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# Comparing quantities class 8 formulas

Hey, students are you looking for Comparing quantities class 8 formulas? If yes. Then you are at the right place. In this post, I have listed all the formulas of Comparing quantities class 8 that you can use to learn and understand the concepts easily.

If you want to improve your class 8 Math, Comparing quantities concepts, then it is super important for you to learn and understand all the formulas.

By using these formulas you will learn about Comparing quantities.

With the help of these formulas, you can revise the entire chapter easily.

## Comparing quantities class 8 formulas

• The discount is a reduction given on the market price. Discount = Marked Price – Selling price.
• The discount can be calculated when the discount percentage is given. Discount = Discount % of marked Price.
• Sales tax is charged on the sale of an item by the government and is added to the bill amount. Sales tax = Tax % of the bill amount
• Sales Tax $=\frac{\text { C.P. } \times \text { Rate of S.T. }}{100}$

where

M.P. = Marked Price

S.P. = Selling Price

M.P = S.E + Discount

Discount = M.P – S.P

• Discount $\%=\frac{\text { Discount } \times 100}{\text { M.P. }}$
• When profit % is given, then S.P > C.P and

S.P. $=\left(\frac{100+\text { Profit } \%}{100}\right) \times$ C.P

C.P. $=\frac{\text { S.P. } \times 100}{100+\text { Profit } \%}$

Profit $=\frac{\text { Profit } \% \times \text { C.P. }}{100}$

Profit (gain) $=$ S.P. $-$ C.P.

Profit $\%=\frac{\text { Profit }}{\text { C.P. }} \times 100$

• When loss % is given S.P < C.P and

S.P. $=\frac{100-\text { Loss } \%}{100} \times$ C.P.

C.P. $=\frac{\text { S.P. } \times 100}{100-\text { Loss } \%}$

Loss $=\frac{\text { Loss } \% \times \text { C.P. }}{100}$

Loss $=$ C.P. $-$ S.P.

Loss $\%=\frac{\text { Loss }}{\text { C.P. }} \times 100$

• Increase and Decrease Percent

Increase $\%=\left(\frac{\text { Increase }}{\text { Original value }} \times 100\right) \%$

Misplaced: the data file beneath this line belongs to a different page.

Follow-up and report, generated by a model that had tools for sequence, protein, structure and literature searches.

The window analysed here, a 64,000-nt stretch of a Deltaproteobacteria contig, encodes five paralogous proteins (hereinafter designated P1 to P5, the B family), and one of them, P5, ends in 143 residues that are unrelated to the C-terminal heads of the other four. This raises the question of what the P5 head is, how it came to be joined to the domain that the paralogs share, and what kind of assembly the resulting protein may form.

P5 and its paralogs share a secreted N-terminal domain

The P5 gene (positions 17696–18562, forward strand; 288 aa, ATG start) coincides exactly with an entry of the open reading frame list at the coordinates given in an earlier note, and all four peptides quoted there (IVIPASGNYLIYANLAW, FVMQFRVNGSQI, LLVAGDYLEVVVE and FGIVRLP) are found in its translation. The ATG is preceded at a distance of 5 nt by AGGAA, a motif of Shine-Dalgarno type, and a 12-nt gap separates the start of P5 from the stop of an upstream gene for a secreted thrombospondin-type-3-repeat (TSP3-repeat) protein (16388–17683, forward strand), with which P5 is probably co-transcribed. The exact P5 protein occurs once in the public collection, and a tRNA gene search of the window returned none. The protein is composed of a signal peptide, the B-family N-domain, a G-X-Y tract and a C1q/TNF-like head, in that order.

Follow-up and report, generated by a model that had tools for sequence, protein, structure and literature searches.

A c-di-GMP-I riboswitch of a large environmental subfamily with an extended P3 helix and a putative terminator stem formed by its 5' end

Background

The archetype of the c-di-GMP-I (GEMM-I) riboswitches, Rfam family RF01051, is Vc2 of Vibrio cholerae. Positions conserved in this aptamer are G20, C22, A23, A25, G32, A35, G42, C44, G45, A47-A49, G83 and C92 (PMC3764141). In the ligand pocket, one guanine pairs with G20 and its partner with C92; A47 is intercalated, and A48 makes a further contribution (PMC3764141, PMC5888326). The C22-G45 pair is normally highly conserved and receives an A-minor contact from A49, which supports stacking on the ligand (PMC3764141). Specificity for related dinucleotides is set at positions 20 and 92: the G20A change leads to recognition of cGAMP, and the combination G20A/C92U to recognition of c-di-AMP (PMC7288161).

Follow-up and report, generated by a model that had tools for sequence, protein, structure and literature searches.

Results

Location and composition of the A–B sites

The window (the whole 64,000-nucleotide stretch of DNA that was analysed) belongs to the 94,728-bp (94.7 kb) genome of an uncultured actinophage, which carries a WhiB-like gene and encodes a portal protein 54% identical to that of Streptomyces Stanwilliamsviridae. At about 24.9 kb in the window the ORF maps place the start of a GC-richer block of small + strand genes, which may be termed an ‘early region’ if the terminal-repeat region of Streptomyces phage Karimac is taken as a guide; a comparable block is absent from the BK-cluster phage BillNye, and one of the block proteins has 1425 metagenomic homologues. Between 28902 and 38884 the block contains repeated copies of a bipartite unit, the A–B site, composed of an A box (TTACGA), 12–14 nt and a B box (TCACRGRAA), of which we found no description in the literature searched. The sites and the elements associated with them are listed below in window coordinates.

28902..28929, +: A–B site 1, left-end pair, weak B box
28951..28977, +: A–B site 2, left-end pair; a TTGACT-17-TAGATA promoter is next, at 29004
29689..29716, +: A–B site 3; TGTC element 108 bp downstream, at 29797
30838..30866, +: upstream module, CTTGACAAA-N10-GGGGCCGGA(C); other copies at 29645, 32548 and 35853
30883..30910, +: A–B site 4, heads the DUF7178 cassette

Decrease $\%=\left(\frac{\text { Decrease }}{\text { Original value }} \times 100\right) \%$

Simple Interest(SI):

When the interest is paid to the lender regularly every year or half year on the same interest, we call it a simple interest. In other words, interest is said to simple, if it is calculated on the original principle throughout the loan period.

$S . I .=\frac{P \times R \times T}{100}$

Where, $\mathrm{P}=$ Principal, $\mathrm{R}=$ Rate of Interest, $\mathrm{T}=$ Time .

Compound Interest (CI):

If the borrower and the lender agree to fix up a certain interval of time (say, a year or a half-year or a quarter of a year, etc.), so that the amount at the end of an interval becomes the principal for the next-interval, then the total interest over all the intervals calculated in this way is called the compound interest. Also, CI = Amount – Principal

(a) When interest is compounded annually, then

Amount $A=P\left(1+\frac{R}{100}\right)^{n}$ and $\mathrm{CI}=\mathrm{A}-\mathrm{P}=\mathrm{P}\left\{\left(1+\frac{\mathrm{R}}{100}\right)^{\mathrm{n}}-1\right\}$

where P is Principal, R is the rate of interest and n is time period.

(b) When Interest is Compounded Half-Yearly, then

Amount $A=P\left(1+\frac{R}{2 \times 100}\right)^{2 n}$

where $\left\{\begin{array}{l}\frac{\mathrm{R}}{2} \text { is half yearly rate and } \\ 2 n=\text { number of half-years }\end{array}\right.$

and $C I=A-P=P\left\{\left(1+\frac{R}{2 \times 100}\right)^{2 n}-1\right\}$

When R1, R2 and R3 are different rates for the first, second and third year, then

Amount $A=P\left(1+\frac{R_{1}}{100}\right)\left(1+\frac{R_{2}}{100}\right)\left(1+\frac{R_{3}}{100}\right)$

and $C I=A-P=P\left\{\left(1+\frac{R_{1}}{100}\right)\left(1+\frac{R_{2}}{100}\right)\left(1+\frac{R_{3}}{100}\right)-1\right\}$